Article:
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Modern Greek

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Number of Speakers: 12 million

Key Dialects: Katharevousa, Dimotiki, Saracatsan

Geographical Center: Greece

Greek, or Ellinika, as it is called in Greece, is spoken by 9,859,850 in Greece or 98.5% of the population (1986). Small populations of speakers are also in adjacent countries: Albania (60,000); Cyprus (578,000); Egypt (60,000); Italy (20,000); Bulgaria (11,000). It is also spoken around the world by a significant number of speakers who have emigrated for political or, more commonly, economic reasons to the USA (458,699); Germany (314,000); Poland (114,000); Australia (106,677); Canada (104,455); Georgia (100,000); Ukraine (104,000); Russia (105,000); South Africa (70,000); United Kingdom (200,000); Sweden (50,000); Kazakhstan (47,000) and smaller populations--under 20 thousand speakers--in Austria, Turkey, Armenia, Paraguay, Malawi, Djibouti, Sierra Leone, Congo, and Bahamas.

Greek is a member of the Indo-European family of languages. It belongs to the Attic subgroup of the Greek group, that also includes Cappadocian Greek, Ancient Greek, Pontic, Romano-Greek, all spoken in Greece, and Yevanic, which is spoken in Israel. The Greek family also includes the Doric subgroup with Tsakonian being the only representative.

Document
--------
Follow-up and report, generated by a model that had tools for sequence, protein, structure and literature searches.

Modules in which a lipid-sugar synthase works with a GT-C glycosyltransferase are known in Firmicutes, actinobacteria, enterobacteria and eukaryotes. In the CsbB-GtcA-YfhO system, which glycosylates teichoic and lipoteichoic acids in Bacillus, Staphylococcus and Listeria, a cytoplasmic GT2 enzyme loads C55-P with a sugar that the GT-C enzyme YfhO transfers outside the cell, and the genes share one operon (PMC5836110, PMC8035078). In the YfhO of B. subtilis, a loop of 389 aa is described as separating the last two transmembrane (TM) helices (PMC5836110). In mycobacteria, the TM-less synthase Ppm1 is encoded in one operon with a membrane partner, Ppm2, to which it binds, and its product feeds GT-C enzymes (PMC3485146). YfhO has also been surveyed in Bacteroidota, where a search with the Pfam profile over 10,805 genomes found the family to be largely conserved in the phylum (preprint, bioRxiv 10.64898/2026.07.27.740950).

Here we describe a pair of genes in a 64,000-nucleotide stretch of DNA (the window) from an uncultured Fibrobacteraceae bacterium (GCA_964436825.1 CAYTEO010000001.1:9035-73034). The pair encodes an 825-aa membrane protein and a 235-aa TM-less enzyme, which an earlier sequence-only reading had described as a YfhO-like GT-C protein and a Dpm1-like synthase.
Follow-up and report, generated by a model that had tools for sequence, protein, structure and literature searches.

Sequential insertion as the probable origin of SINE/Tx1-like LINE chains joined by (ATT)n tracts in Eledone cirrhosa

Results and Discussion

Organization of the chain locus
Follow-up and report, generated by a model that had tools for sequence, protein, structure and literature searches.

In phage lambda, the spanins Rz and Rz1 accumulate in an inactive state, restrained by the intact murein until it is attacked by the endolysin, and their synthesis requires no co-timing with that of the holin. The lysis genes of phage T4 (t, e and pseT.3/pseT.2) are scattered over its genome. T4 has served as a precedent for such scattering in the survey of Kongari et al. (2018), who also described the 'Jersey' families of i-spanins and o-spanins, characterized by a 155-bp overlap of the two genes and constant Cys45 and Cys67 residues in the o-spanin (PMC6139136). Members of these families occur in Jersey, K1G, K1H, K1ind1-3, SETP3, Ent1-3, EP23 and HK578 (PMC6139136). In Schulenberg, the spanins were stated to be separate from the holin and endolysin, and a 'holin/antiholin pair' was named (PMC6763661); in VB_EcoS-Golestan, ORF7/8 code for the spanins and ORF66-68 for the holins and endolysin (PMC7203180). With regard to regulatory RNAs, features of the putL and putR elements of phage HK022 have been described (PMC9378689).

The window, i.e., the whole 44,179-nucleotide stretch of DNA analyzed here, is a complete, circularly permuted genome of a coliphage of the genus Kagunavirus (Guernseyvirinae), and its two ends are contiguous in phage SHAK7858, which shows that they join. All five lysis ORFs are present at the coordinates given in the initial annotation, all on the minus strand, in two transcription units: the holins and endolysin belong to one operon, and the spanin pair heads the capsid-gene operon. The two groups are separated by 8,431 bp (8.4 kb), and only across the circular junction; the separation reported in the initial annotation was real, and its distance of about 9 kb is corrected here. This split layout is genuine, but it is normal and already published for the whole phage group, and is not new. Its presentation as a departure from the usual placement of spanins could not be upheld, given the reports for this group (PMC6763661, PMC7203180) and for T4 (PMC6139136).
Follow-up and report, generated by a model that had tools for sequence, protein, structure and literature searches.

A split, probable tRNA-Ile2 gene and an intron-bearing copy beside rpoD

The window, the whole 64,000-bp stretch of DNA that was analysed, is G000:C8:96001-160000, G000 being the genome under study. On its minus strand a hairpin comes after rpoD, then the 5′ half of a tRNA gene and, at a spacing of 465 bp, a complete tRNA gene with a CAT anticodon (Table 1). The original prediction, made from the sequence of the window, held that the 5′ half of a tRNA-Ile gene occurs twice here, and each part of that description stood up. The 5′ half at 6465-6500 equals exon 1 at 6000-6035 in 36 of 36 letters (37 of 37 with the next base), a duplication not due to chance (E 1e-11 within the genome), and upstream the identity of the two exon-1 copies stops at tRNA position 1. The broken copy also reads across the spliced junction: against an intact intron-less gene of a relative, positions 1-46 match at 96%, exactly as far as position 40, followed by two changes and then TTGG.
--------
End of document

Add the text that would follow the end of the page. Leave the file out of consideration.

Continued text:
The official and spoken literary dialect is Standard Modern Greek (i.e Mackridge 1985, Holton, et al, 1997) which developed from the spoken Dimotiki while keeping a number of more formal and archaic characteristics found in Katharevousa. Katharevousa is an archaic literary dialect that is almost extinct now though until very recently traces of its presence were still distinguishable in law documents, the church and the armed forces. Finally, Saracatsan is the dialect spoken by the Saracatsani nomadic shepherds, mainly in the Ipiros area of West Greece.

A version of an alphabetical system developed in Ionia (the western coast of Asia Minor and the adjacent islands) and adopted in Athens in 403 BC assumed gradually the status of a standard throughout the Greek-speaking world and has retained this status until today. It contains 24 letters of which 17 are consonants and 7 vowels.